As if North Korea does not have enough problems one of the most annoying has to do with South Korean snack foods getting into the country and becoming enormously popular. It got so bad that in June 2015 North Korea ordered South Korean companies operating in a special zone in the north to stop bringing in South Korean snacks as rewards for North Korean employees. This follows a 2014 ban of Choco Pies and the subsequent failure of a substitute made in North Korea. This was a demoralizing defeat for North Korea leaders who thought they could compete with foreign consumer goods. The North Korean answer to Choco Pies was used with ingredients imported (at great expense) from China. Rather than demonstrating the superiority of North Korean industry the failed snack food (described as bland and not tasting much like chocolate) increased the desirability of the real thing.
Choco Pies are a cheap (about 25 cents each) chocolate covered vanilla cream filled cake snack in South Korea but for North Koreans they are a special and very popular treat. Not many sweets are available in North Korea and the Choco Pies (based on a similar popular World War I era snack in the American south) has been tweaked to appeal to Korean tastes. Each 30 gm (1.1 ounce) Choco Pie has about 125 calories.
Choco Pies entered North Korea in large quantities after 2004 when the Kaesong Industrial Complex opened in North Korea. There, over a hundred South Korean companies set up shop and employed more than 50,000 North Koreans. The complex was as a place for South Korean firms to establish factories, using cheaper North Korean workers. The South Korean employers had to pass all worker compensation through the North Korean government and were forbidden to pay workers directly. The North Korean government wanted nothing to do with capitalist practices like better pay for superior performance. The South Koreans found that they could get away with giving snacks to workers as secret bonuses and thus motivate their North Korean employees.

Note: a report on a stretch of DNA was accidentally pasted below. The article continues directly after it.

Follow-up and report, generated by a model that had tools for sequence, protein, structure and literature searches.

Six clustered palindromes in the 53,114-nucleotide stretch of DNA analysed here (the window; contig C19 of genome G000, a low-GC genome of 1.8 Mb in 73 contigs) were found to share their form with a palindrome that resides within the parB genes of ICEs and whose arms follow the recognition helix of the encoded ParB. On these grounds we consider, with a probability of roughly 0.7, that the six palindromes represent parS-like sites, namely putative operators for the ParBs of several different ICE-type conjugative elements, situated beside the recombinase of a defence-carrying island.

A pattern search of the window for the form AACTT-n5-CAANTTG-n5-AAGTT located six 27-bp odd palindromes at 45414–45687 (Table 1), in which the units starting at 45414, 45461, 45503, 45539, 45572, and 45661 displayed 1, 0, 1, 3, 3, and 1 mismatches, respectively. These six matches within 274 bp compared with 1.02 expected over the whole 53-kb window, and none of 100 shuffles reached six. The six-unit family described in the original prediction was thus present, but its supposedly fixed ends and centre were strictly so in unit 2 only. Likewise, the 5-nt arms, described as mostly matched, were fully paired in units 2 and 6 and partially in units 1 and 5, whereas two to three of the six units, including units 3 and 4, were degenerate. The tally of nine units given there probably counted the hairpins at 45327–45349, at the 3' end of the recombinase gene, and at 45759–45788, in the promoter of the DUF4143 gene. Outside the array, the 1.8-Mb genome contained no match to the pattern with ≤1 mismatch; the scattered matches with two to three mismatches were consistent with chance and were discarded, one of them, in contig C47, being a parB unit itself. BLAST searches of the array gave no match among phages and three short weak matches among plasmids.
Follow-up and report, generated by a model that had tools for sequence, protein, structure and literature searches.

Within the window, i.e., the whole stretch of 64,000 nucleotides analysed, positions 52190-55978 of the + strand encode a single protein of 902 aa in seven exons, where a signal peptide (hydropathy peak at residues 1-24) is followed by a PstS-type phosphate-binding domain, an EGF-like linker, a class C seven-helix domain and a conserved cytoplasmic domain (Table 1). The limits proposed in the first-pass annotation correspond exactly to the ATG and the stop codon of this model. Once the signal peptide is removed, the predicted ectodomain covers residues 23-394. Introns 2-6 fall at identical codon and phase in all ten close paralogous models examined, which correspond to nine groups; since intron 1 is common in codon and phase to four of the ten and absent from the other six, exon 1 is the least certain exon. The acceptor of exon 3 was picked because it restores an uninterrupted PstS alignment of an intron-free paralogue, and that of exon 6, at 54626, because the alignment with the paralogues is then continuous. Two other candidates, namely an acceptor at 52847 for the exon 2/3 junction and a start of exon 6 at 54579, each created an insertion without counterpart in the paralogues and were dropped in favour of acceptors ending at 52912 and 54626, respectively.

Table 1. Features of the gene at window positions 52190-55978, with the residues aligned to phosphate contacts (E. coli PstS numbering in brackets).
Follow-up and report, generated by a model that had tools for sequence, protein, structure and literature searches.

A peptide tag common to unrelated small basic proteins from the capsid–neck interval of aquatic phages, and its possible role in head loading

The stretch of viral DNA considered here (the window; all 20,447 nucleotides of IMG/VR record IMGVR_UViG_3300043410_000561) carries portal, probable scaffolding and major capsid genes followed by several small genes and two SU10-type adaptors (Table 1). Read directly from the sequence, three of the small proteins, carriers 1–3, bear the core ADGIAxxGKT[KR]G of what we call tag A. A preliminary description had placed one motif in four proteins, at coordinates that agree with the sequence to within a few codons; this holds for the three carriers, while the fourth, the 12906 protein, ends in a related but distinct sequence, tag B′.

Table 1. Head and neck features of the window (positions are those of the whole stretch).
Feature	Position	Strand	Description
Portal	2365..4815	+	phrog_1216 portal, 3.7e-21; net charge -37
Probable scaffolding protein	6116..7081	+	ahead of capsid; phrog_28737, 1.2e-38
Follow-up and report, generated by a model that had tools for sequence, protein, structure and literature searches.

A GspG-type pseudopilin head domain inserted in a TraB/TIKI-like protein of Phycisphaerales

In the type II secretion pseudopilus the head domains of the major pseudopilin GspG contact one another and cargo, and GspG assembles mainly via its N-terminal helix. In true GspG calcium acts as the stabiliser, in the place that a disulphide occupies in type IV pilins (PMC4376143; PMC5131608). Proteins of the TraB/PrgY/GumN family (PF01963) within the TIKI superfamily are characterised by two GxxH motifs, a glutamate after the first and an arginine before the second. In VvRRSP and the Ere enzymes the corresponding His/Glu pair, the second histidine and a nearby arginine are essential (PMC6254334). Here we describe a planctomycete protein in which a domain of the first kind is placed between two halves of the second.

Choco Pies were particularly popular because they brought the highest prices on the North Korean black market (a dollar or more each). The North Korean government was not happy with the popularity and growing availability of Choco Pies, which were a tasty reminder that life was better in the capitalist south. For decades North Korean propaganda had insisted that South Koreans were worse off. How was that possible if the southerners had all the Choco Pies they wanted?
North Korea officials are not completely clueless and were persuaded to allow South Korean managers to give out other snacks from the south (sausages and chocolates are popular as are instant noodles). But this did not last. North Korea workers at Kaesong were not happy with the Choco Pie ban because North Korean snacks are considered inferior and southerners who have tried some of this stuff agree. There are frequently cases of food poisoning with North Korean snack foods and now the government is embarrassed that its effort to compete with or ban the Choco Pie has been a very visible and foul tasting failure. Nevertheless it is now a serious crime in North Korea if you are caught with Choco Pies. Execution or a slow and painful death in a labor camp are possible for Choco Pie offenders.